Let me keep this as simple as possible – what's baked into the price cake is the 130,000 gold and 40,000 silver contracts that were sold by the managed money traders over the past three weeks. These contracts were sold because the commercials sliced the price salami to the downside – not due to any other reason, like the fundamentals or world events. Now that these contracts have been sold, close to the same number or maybe even more will be bought on higher prices, whenever the commercials decide to slice the price salami higher.


There are now at least 130,000 COMEX gold contracts and at least 40,000 silver contracts that will be bought as and when prices move higher through the important moving averages. I can't tell you exactly when the managed money buying surge will commence, just that it must occur at some point in the relative near future. I also can't tell you how far the certain coming gold and silver rally will carry, as that is dependent on how many new shorts are placed by the crooks at JPMorgan and the other big commercial shorts. Finally, I can't even rule out further new price lows in the very short term and can only attest that new lows only bake the cake better. The good news is that this cake can't be burnt – the more it is baked, the surer and stronger the inevitable rally.


The “safe” bet is to be prepared for a quick and powerful move higher, for the simple reason that it's impossible to know JPMorgan's intent. It will be JPM, not you or I or anyone else that determines if we are on the cusp of the big move in silver. If JPMorgan decides now is the time to let her rip, prices will be ripped higher, leaving no chance to getting fully positioned at current give away prices afterward. Even if the crooks at JPM cap the price with additional short sales on a rally, we will see that in future COT reports, allowing for adjustments in positions.


It's no secret that I've treated all past bullish setups as possibly turning into the big one in silver, even though that has yet to occur. But this current setup seems different. Not only are silver prices cheaper by any measure that can be measured, the quickness in reaching the current bullish market structure is unprecedented. I don't think that was some mere coincidence; I don't think anything that happens in silver or gold is by coincidence. By definition, nothing that occurs in a manipulated market is by coincidence – every price move has a causation.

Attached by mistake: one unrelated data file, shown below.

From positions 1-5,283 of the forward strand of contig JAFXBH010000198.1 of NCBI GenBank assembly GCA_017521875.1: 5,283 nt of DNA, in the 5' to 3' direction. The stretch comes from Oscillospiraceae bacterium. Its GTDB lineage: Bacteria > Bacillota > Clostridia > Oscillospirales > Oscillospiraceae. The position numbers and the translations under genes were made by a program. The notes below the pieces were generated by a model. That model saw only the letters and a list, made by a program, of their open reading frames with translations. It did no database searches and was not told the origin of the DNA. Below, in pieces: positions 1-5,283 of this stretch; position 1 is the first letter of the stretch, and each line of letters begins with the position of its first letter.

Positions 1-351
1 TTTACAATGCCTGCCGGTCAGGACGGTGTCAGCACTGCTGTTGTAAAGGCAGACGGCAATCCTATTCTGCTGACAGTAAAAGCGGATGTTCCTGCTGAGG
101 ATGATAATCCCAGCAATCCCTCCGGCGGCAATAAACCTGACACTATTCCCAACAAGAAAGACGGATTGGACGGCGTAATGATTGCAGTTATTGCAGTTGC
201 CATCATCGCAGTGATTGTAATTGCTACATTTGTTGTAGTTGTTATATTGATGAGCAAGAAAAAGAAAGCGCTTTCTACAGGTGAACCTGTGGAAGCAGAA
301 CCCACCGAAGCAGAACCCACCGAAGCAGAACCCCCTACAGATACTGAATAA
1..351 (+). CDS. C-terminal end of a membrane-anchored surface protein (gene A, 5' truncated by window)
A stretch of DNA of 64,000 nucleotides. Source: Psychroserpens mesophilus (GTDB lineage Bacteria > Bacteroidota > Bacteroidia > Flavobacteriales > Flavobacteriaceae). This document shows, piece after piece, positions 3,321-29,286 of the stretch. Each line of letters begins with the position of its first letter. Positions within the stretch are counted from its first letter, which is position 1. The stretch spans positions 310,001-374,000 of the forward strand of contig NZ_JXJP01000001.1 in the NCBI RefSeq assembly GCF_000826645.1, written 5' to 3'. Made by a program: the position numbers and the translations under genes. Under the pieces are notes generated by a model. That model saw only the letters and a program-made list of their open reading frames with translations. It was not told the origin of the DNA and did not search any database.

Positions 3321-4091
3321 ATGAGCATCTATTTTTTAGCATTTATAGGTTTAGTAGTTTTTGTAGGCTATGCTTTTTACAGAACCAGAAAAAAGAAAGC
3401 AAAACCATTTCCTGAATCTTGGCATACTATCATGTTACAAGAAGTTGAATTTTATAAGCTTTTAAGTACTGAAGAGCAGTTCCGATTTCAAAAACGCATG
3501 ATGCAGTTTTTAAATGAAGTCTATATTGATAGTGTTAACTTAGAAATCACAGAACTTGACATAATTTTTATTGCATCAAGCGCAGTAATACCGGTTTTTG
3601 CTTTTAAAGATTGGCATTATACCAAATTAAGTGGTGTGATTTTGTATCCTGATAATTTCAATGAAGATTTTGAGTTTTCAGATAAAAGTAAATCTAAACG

What's baked into the price cake currently are tens of thousands of contracts that must be bought by managed money traders. These contracts won't be bought or attempted to be bought until we get somewhat higher prices, but that must occur at some point. What remains to be seen is how aggressive the commercials will be in selling into the certain managed money buying to come, particularly the relative aggression of JPM and the other big shorts. Remember, if they do nothing, we fly.


In developments since the Saturday review, there was a moderate increase in the short positions in the big silver ETF, SLV, and in the big gold ETF, GLD, for positions as of Nov 13. The short position in SLV grew by 2.5 million shares to 11.8 million shares (ounces) and the short position in GLD grew by 866,000 shares to 11.06 million shares (1.1 million gold ounces). By way of keeping things in perspective, 2.5 million oz of silver (shares of SLV) is equal to 500 COMEX contracts, where we have seen recent positioning in the tens of thousands of contracts; reaffirming that the COMEX sets prices. I still feel the recent 3.5 million oz of silver deposited into the SLV is likely to result in a reduction of the short position in the next short report.